MIT scientists create a tailored onboarding method to educate humans on discerning the reliability of model advice.
In the realm of medical imaging, artificial intelligence excels in identifying patterns within images, surpassing human capabilities in many instances. However, a critical question arises for radiologists relying on AI models to assist in discerning pneumonia from X-ray scans that when should they heed the AI’s guidance, and when should they exercise caution.
Researchers at MIT and the MIT-IBM Watson AI Lab propose that a personalised onboarding procedure could solve this dilemma for radiologists. They have devised a system designed to instruct users on when to engage with an AI assistant effectively. This training approach can identify scenarios in which the radiologist might mistakenly rely on the model’s guidance when it is, in fact, incorrect. The system autonomously derives guidelines for optimal collaboration with the AI and conveys them using natural language descriptions.
The research findings indicate that this onboarding approach resulted in a notable 5 percent enhancement in accuracy when humans and AI teamed up for image prediction tasks. Significantly, the study underscores that merely instructing the user when to trust the AI without proper training led to inferior outcomes. The researchers’ system is entirely automated, learning to create the onboarding process by analysing data generated from human-AI interactions in specific tasks. It is also adaptable to diverse tasks, making it applicable in a broad spectrum of scenarios where humans and AI models collaborate, such as social media content moderation, content creation, and programming.
The team observes that AI often lacks such guidance unlike most other tools, which typically come with tutorials. They aim to address this problem from both methodological and behavioural angles. They anticipate that incorporating this onboarding approach will become an indispensable component of training for medical professionals, offering valuable support in leveraging AI tools effectively in their field. They envisions a scenario where doctors relying on AI for treatment decisions will undergo training akin to the approach they propose. This could necessitate a reevaluation of various aspects, ranging from ongoing medical education to the fundamental design of clinical trials.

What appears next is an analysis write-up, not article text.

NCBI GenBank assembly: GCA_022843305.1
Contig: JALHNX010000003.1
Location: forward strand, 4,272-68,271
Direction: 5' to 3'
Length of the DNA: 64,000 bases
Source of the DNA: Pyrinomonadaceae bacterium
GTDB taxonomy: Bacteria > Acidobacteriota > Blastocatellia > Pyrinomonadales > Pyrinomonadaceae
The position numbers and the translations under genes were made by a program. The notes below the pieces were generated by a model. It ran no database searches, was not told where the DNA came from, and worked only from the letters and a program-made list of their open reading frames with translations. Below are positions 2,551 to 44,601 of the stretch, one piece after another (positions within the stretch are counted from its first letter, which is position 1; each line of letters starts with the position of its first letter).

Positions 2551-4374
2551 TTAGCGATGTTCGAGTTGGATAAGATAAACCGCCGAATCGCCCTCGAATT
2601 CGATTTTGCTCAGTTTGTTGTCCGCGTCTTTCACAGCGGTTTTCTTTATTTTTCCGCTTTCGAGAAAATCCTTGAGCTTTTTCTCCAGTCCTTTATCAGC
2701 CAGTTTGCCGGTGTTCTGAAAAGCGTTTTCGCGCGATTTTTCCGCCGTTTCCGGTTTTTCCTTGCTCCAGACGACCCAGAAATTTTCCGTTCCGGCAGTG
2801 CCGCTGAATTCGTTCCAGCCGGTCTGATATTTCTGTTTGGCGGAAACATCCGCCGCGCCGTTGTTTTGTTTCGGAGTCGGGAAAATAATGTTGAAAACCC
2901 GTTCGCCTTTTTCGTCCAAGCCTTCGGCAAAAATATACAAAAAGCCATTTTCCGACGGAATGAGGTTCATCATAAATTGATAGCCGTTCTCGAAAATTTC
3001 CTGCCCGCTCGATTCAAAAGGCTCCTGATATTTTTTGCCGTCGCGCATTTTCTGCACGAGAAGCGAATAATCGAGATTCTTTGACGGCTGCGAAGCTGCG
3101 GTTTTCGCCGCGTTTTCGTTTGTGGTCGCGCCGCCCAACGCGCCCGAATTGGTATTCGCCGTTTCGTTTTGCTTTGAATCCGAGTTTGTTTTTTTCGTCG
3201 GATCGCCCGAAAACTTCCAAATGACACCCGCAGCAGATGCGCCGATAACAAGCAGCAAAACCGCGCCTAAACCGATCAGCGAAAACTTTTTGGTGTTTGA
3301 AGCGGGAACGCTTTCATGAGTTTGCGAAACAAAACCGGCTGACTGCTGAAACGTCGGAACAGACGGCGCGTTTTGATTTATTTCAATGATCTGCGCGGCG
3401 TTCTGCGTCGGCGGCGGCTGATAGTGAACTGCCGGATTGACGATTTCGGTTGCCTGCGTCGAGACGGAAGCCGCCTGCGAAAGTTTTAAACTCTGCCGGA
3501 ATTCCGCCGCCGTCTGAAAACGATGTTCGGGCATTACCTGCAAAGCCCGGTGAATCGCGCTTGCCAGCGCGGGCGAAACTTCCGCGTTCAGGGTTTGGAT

An evolving approach to training
Traditional onboarding methods for human-AI collaboration rely on specialized training materials created by human experts, which hampers their scalability. Alternative approaches involve using AI explanations to convey decision confidence, but these have often proven ineffective. As AI capabilities continually evolve, the range of potential applications where human-AI partnership is beneficial expands over time. Simultaneously, user perceptions of AI models change. Consequently, a training procedure must adapt to these dynamics. To address this, an autonomous onboarding method is generated from data. It starts with a dataset featuring numerous instances of a task, such as identifying traffic lights in blurry images. Initially, the system gathers data from human-AI interactions, where the human collaborates with AI to predict the presence of traffic lights. The system then maps these data points to a latent space, where similar data points are grouped together. An algorithm identifies regions within this space where human-AI collaboration deviates from correctness, capturing instances where the human mistakenly trusted the AI’s prediction, such as in the case of nighttime highway images.
Elevated Accuracy Through Onboarding
Researchers tested their system on two tasks: spotting traffic lights in blurry images and answering diverse multiple-choice questions (e.g., biology, philosophy, computer science). Users initially received an information card detailing the AI model, its training, and performance across categories. Five user groups were formed: one saw only the information card, another underwent the researchers’ onboarding, a third followed a basic onboarding, a fourth combined researchers’ onboarding with trust recommendations, and the final group received recommendations alone.
Surprisingly, the researchers’ onboarding alone significantly boosted user accuracy, particularly in the traffic light prediction task, with about a 5% improvement, and it didn’t slow them down. However, it was less effective for question-answering, possibly due to ChatGPT’s explanation of trustworthiness with each answer. Conversely, giving recommendations without onboarding had negative consequences—users performed worse and took more time, likely due to confusion and resistance when told what to do.